Notes and Editorial Reviews
Venus and Adonis
Bertrand Cuiller, cond; Céline Scheen (
); Marc Mauillon (
); Grégoire Augustin (
); Les Musiciens du Paradis, Maîtrise de Caen
ALPHA 703 (DVD: 86:29) Live: Caen 2013
This production mixes the authentic with the experimental, generally with excellent results. Authenticity can be found in the six footlight boxes at the front of the stage, filled with a couple of dozen lit candles each; but the stage itself is occupied by movable, fake deciduous trees, and wooden pillar sections ranging from two to four feet high. On top of the latter, and scattered across the floor, are a mix of glass boxes filled with yet more lit candles, and other boxes with solid and wireframe geometric objects. When performed against a black backdrop, with period costumes almost entirely in black as well, and the young trebles of the Caen Choir School playing with the geometric toys, the effect is of a time out of time: an intimate, arboreal sanctuary for Venus and the immortal spirits that are her followers, where nothing changes. Except for mortal Adonis, dressed in yellow and red.
Blow’s score, half English masque, half early opera, leaves a lot of leeway for dance. Françoise Denieau choreographs for the most part with Baroque movements and gestures that must have been rehearsed assiduously to look as natural as they do. He and stage director Louise Moaty second Blow’s ever-changing musical forms with a clever and varied use of their deliberately limited stage, where the introduction of a few carefully chosen, fresh elements—the hunting hounds that are brought through once, the pair of live doves that sit on the hands of two of the Graces, as they slowly dance—can have a correspondingly major effect.
To the performances. Marc Mauillon, whom I greatly enjoyed recently in a disc of Machaut (Eloquentia 1342), has a dry, light baritone. It is not an especially attractive voice, but he expressively and clearly enunciates the text, and phrases particularly well. Céline Scheen is a showstopper, with a finely focused tone, and a control of dynamics that allows her complete control of the line. It’s rare to hear diminuendos executed with such finesse, and without a break to the filament. Grégoire Augustin, one of the Caen Choir School trebles, looks youthful enough for the part of Cupid, but has an unfortunate tendency to let the pitch sag in the middle of phrases. There is also an instance where he looks surprised, then suddenly jumps up and races to join others beginning to dance across the other side of the stage, in a manner that suggests a forgotten cue. Nerves are likely responsible: It’s a lot of responsibility to place on a child who to judge from the all too brief accompanying documentary material has not had the solo spotlight in an opera before. Bertrand Cuiller’s conducting is expert, flexible, rhythmically based, and tightly disciplined.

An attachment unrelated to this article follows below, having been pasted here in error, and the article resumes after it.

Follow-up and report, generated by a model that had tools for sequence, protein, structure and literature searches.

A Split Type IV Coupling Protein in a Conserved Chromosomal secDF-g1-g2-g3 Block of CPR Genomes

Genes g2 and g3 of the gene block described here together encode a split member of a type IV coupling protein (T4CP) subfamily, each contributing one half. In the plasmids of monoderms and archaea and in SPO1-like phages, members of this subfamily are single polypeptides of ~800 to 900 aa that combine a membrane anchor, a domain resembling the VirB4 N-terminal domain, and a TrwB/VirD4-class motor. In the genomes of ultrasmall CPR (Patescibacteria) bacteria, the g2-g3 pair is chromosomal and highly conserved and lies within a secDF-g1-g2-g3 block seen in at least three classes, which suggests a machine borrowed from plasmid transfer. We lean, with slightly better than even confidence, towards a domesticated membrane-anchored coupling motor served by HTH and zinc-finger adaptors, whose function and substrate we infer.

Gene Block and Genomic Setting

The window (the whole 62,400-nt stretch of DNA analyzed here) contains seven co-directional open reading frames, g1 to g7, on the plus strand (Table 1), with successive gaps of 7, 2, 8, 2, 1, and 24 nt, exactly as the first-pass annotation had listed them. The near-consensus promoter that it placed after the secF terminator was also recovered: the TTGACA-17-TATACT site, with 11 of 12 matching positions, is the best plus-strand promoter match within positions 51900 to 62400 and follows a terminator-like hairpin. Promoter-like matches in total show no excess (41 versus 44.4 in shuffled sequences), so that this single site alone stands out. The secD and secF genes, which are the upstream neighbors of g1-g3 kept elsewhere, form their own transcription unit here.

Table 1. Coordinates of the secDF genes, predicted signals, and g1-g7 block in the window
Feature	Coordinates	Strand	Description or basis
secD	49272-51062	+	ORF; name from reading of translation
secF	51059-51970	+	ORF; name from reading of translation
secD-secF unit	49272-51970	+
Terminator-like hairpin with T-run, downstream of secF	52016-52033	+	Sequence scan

Given the short length of Blow’s work, his
Ode à Sainte-Cécile
is also included, slightly staged with the same performers and costumes, soloists moving in and out of the line, with dancers occasionally taking part. It makes for a charming pendant to the evening.
Two issues need to be raised. One is that of pronunciation. While nearly all the performers enunciate their text well, with one exception (the very fine soprano Anne-Marie Beaudette) they adopt what someone in charge clearly believes to be a late 17th-century accent found in some part of London. Since no one has any idea, or can have any idea, what this was like, and since I have heard five separate, completely different versions thus far of an “authentic 17th-century London accent” from various groups and individuals, each claiming to know The Truth, I would suggest it might be better to let the issue lie, and use some form of modern English that is completely intelligible to audiences. The half-Cardiff, half-Edinburgh that seems to form a standard on this recording sounds even stranger when filtered through several Norman accents.
The second issue is that of camera work. The opera in general is well photographed, with good attention paid to highlighted groups, while avoiding the abuse of close-ups; and I strongly enjoyed the real candles utilized both in footlights and so many areas of the stage. But these create a washed-out effect in the performers and scenery—so be aware, the rich colors on the DVD cover are not at all representative. You’ll need to truly ramp up the saturation of your screen while dimming the brightness a bit to approach that look.
With reservations allowed for strange accents, and an uneasy, sometimes off-pitch Cupid, I strongly enjoyed this production. Louise Moaty and her colleagues are to be congratulated for finding clever ways to reinvigorate Blow’s usual and delightful work, with fine performances from nearly all the participants. Strongly recommended.
FANFARE: Barry Brenesal
Works on This Recording
Venus and Adonis by John Blow
Marc Mauillon (Baritone),
Grégoire Augustin (Soprano),
Céline Scheen (Soprano)
La Maitrise de Caen,
Les Musiciens du Paradis
Written: ?1681; England
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